Do you consider yourself a guinea pigs expert? Do you know how the guinea pigs got their name? Or what is the link between them and the popcorn? What the “wheek” sound is? By reading the article below you will find out the answers to this and many other questions that you will love to know. Let’s break the rodents’ prejudices together and maybe you will start to wish of owning it as a pet!
ORIGIN OF THE GUINEA PIGS
Guinea pigs don’t look like pigs at all and are not related to them. Also, they don’t come from Guinea! So, what is the mystery behind their name?
The origin of this rodent is South America. There is called Cuy. Throughout history, it was kept for food. The thing is, people in Peru, Bolivia, Ecuador, etc still eat guinea pigs and they consider it a cuisine specialty. It’s shocking but don’t you forget that different parts of the world have different traditions. Nowadays guinea pigs live all over the world and in most countries are appreciated as a great pet choice.
The root of the “Guinea pig” name is not known for sure but there is the assumption that came from England back in time when guinea was the official money currency in Great Britain. The price for a guinea pig was one English guinea. The word pig probably comes from its body appearance which looks like a tiny pig.
In some European countries, the name for this animal is “sea pig”. It is obvious why it is named like that, coming far across the sea to Europe.
GUINEA PIG AS A PET
These little beany-shaped creatures might be the best friends you ever had! They are sociable and attached to their owners that much which can create a strong bond with humans! Guinea pigs are very intelligent and can be easily trained because they are fast learners. The prejudice that rodents are boring as pets are not true at all! They enjoy petting, can learn to come when being called and to enter and leave the cage when needed (just watch out for power cables if left on the floor because it might bite it. They love to bite everything they see).
Guinea pigs have a strong sense of smell and hearing very good. Their eyes are located on the side to provide they can see from many angles and have greater peripheral vision. Never forget that in wild they are prey so need to have all-natural “equipment” to save their lives.
Sometimes they are noisy and produce this cute “wheek” sound that is similar to squishing baby toys. Be sure it will warn you if hungry and will ask for food. It just can’t be ignored!
If you are thinking about getting yourself this pet, be ready for the fact they don’t sleep too much. Better said, guinea pigs just take a nap through the day and are awake about 20 hrs daily.
An unexpected fact: guinea pigs eat their poop. They do it just to be sure that all food nutrients are well absorbed. It is a strange but grounded phenomenon that many animals do. Don’t be surprised to see this weirdness.
These rodents are physically very active and energized but don’t do mistakes and compare them to hamsters! While hamsters are flexible, guinea pigs’ bodies are not like this. Don’t expect it to run on a hamster’s wheel because they can’t do it. They are not good climbers too, but they do run fast. The best they can do is run through the tunnel equipment (so provide it in the cage). Because of unflexible bodies, the owner must be aware that pigs’ falling injuries could be fatal and better watch out.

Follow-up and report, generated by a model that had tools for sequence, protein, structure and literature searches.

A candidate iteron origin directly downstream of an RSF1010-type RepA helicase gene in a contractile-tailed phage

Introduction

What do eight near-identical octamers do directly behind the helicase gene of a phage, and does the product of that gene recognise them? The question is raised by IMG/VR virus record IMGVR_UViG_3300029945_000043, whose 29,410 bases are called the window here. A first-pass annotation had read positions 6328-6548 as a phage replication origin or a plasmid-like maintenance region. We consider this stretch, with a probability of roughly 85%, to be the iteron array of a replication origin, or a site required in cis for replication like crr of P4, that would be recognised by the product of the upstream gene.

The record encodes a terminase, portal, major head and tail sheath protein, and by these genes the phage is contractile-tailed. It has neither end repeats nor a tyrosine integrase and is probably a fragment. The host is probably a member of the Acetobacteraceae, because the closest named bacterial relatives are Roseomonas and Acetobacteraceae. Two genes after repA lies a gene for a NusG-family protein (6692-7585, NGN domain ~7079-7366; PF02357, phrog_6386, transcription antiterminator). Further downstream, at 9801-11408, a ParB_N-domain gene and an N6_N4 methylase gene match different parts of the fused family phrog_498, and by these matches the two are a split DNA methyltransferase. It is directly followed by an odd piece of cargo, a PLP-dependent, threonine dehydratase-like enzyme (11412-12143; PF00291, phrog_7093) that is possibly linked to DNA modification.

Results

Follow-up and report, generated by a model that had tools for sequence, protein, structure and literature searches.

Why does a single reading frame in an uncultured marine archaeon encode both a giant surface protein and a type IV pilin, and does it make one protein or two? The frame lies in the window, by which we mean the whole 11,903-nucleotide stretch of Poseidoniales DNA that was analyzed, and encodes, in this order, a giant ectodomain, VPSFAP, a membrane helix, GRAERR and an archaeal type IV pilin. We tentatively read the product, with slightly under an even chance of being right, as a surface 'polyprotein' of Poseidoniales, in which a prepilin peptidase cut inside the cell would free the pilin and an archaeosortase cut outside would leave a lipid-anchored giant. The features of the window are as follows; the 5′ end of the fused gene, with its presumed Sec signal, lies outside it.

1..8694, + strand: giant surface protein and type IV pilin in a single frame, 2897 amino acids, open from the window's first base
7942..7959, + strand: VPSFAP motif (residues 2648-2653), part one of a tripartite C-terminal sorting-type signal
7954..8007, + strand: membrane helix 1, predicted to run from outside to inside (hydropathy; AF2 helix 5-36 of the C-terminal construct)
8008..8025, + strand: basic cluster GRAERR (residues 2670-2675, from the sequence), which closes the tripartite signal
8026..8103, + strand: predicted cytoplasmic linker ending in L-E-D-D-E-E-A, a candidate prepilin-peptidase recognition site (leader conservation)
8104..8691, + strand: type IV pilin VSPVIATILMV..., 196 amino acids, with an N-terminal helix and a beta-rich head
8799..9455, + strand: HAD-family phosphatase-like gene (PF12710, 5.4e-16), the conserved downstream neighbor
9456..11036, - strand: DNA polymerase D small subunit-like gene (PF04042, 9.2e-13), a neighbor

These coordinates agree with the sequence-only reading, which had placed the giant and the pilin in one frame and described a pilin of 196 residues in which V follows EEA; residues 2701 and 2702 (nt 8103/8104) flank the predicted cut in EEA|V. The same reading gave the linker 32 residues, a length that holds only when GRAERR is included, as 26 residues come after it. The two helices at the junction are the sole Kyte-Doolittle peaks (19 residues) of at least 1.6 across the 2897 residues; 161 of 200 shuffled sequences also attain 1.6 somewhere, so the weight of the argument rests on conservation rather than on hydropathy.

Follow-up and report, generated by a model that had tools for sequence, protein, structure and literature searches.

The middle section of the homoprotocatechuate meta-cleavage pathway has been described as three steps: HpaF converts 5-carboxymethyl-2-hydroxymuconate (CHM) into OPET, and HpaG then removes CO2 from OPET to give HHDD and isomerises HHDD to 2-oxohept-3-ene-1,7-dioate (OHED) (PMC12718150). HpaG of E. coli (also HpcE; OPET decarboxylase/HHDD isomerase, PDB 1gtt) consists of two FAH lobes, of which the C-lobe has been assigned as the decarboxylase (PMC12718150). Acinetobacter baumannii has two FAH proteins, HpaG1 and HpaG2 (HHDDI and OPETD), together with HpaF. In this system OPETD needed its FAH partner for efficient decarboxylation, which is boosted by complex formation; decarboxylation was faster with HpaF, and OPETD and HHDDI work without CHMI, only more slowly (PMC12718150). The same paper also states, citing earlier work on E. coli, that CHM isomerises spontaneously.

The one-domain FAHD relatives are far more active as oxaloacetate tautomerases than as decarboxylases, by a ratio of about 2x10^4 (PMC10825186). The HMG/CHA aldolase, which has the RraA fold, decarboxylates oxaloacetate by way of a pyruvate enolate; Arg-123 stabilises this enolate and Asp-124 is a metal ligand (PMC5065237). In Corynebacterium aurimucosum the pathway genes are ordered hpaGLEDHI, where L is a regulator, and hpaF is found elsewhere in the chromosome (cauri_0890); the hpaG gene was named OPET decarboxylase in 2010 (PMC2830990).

Yet, they are well-known for their popcorn dance! When guinea pigs feel happy they become crazy and suddenly squeak, jump, twist, and jerk at the same time. It looks like popcorn popping and it is funny to watch this. This is a kind of owner’s reward and love in return.
WHAT DO GUINEA PIGS EAT?
Guinea pigs are vegans. They usually eat a lot of fresh grass, hay, plants, fruits, and vegetables. Hay and grass help their digestive system to work well. Fruits and vegetables provide a sufficient amount of vitamins they need (especially vitamin C). Most likable are carrots, lettuce, parsley, strawberry, blueberry, and pineapple.
The fruits have to be given a few times a week but not so often because of the high sugar content. They also love to eat guinea pigs’ mixed food from the pet shop.
GUINEA PIGS HYGIENE
Dental health is very important. As in other rodents, the guinea pig’s teeth are always growing. This might be a problem if the pig is not spending its teeth properly. They need to trim it by constantly chewing food (especially grass and hay). If it is not spent enough by themselves, the vet might trim it. It is important to keep dental health at a high level to prevent some dental diseases that might happen.
In domestic guinea pigs, it is a must to file the claws. In the wild, pigs spend their claws constantly but when living in a cage there is not an opportunity to run a lot and file it on the ground. This also might be done by the vet but the owner can do it by himself too. It is only important to watch not to hurt a pig’s nail quickly with the nail clipper.
In general, guinea pigs are clean animals. They do need to be bathed from time to time. It depends on the season but the average is once every month when it is warm weather and once every two or three months in the cold season. They are not impressed with the idea of bathing but it has to be done if the owner wants his pet not to stink.
Daily changing of the bedding and cleaning of the cage is required. Guineas poop so much because they are always eating.
Bonus tip: we recommend cutting the hair on the butt to prevent it from being dirty. Pigs’ hair sometimes grows so big that it needs to be removed to ensure the required hygiene level.
Guinea pigs’ lifespan is longer than in other rodents. They can live for several years (the average is 6 years) if having good living conditions and necessary care.